The market! I think people are greatly influenced by the market and interested in making art that will sell. I find a lot of contemporary art is high on shock value. To have subtle, well-made, provocative art is important to me. Ultimately, can I make the work that I envision in my head? That’s tough. A lot of people can’t translate their vision into something tangible. Getting work out there also becomes an issue. There are a lot more artists than galleries and finding an audience for your work is a challenge. Web sites and blogs are helping to expose new artists to a broader audience, but exposure alone is no guarantee of success. The art scene has become really commercialized, which is great for contemporary artists to sustain their works and make a fair living, but the market tends to be reactionary and rewards work that isn’t smart. This makes me angry because I’m trying to make my work thoughtful with a good physical quality. You hear about people masturbating on paper and people buying that and that makes me upset. I’m sure there is a collector for everything but not letting the market influence the art is a really tall order.

Where do you work?

I have a studio in Chelsea that I’m never in. My workspace is in my head. I gather imagery to incorporate into my work and carry a notebook. I guess my real studio is in my brain, which is funny because there is a photographer who wants to photograph my studio as part of a series on artist’s space.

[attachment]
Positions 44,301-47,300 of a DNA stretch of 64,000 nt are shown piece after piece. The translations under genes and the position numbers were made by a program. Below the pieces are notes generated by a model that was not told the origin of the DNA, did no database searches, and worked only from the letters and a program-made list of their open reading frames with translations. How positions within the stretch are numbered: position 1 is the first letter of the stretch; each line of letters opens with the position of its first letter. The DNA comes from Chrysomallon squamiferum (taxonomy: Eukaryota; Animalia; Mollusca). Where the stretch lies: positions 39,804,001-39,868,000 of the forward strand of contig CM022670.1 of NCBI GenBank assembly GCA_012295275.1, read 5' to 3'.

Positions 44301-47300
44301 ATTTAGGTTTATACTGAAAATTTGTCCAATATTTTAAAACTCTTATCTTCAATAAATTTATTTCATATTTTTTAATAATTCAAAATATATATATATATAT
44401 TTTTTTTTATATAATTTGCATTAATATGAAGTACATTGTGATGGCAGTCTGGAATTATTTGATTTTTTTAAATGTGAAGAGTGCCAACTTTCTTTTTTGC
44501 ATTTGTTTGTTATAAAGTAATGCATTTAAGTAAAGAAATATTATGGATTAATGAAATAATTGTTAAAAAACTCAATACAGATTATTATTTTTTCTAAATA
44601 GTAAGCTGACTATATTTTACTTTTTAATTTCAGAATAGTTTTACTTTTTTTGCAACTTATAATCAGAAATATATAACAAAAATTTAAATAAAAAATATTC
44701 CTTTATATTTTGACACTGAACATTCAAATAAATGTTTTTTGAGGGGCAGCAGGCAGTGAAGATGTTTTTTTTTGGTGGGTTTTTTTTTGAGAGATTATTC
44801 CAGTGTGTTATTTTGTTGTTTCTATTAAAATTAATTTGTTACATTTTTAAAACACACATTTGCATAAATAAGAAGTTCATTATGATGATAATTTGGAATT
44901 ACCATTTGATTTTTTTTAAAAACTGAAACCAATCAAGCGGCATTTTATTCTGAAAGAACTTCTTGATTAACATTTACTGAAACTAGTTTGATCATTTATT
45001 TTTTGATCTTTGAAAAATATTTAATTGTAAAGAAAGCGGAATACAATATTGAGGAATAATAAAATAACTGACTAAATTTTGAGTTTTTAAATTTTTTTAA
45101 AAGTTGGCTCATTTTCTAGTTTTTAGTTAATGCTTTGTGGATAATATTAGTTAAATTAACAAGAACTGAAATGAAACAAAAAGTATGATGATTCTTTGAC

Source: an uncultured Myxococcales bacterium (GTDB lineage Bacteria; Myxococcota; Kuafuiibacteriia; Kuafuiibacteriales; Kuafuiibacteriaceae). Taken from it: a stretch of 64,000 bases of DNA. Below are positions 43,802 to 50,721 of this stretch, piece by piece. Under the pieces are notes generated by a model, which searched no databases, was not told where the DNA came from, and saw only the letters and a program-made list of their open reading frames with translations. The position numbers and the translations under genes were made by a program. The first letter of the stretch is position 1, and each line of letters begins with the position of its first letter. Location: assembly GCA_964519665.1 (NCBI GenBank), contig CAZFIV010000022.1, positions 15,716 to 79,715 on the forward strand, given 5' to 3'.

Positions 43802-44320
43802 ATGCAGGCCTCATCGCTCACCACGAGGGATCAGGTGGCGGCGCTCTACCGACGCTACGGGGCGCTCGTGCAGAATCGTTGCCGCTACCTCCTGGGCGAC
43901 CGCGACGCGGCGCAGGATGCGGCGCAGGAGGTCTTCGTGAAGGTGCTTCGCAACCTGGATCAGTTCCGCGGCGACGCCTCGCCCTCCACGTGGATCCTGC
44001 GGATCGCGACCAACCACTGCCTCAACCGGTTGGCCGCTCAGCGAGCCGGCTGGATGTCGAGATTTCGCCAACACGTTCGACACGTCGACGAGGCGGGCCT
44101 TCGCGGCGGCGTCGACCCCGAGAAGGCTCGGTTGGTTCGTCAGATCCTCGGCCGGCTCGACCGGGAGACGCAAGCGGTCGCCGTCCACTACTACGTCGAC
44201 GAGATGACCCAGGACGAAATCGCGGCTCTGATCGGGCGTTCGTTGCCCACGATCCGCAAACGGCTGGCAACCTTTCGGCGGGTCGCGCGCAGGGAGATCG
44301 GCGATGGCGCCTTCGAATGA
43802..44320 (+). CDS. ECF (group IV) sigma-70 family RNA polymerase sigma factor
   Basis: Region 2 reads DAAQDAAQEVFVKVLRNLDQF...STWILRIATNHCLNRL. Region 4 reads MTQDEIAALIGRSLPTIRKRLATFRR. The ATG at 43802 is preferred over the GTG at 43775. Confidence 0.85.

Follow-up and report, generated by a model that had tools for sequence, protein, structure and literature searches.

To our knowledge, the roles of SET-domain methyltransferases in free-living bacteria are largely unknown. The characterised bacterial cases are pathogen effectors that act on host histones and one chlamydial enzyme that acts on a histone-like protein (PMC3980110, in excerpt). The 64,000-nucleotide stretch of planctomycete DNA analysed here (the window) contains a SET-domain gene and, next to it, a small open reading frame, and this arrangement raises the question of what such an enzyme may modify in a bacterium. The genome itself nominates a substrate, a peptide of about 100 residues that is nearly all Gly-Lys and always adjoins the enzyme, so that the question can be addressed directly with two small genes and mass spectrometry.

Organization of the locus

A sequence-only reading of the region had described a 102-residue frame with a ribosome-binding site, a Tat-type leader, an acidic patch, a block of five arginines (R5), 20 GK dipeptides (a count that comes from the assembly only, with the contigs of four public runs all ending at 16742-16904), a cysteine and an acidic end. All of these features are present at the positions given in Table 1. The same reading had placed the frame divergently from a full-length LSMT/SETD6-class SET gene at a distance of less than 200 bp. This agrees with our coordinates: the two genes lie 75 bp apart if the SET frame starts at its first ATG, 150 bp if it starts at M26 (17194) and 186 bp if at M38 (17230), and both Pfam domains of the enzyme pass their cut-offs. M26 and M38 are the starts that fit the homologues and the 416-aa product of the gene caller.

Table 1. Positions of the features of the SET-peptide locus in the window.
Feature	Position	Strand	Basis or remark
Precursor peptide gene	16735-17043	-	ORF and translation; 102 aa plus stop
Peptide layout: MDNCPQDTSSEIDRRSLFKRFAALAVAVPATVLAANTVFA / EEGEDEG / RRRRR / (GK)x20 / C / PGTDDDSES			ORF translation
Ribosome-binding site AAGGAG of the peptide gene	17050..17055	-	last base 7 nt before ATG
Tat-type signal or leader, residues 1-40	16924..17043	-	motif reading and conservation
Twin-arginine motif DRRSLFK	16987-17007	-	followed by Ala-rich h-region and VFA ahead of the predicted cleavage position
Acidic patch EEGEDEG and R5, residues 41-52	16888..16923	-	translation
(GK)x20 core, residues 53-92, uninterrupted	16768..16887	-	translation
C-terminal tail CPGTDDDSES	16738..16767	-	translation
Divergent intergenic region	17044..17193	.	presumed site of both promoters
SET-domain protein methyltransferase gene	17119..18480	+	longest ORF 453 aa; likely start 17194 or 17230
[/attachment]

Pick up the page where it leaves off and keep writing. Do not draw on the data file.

I create most of my images in my mind, but I make the work while traveling highways, visiting small towns, and meeting people that spark my imagination.

If you had unlimited time and resources, what else would you do?

That’s a good question! I have so little time. I often wish, if I had the time and talent, to paint and express myself sculpturally. There is an artist, Michael Joo, who explores a lot of the same issues I do. To work in another medium would be a challenge and something I don’t have the time to pursue. I would do more sculptural images. Eric Swenson, a sculpture who also has a lot in common with my work, uses animals and animal forms to talk about society and culture and the death of nature. I’d like to look at other forms of art and incorporate them with my own medium. I have a lot of ideas and not a lot of time. I often have to ask myself, “How can I carve out time to be a better artist and express my ideas potently?” So I would probably also spend more time thinking and sitting and daydreaming and let that influence my work. Some of the best ideas come when I let my brain float a bit. I think my work would improve if I were to tap into that subconscious and let it flow.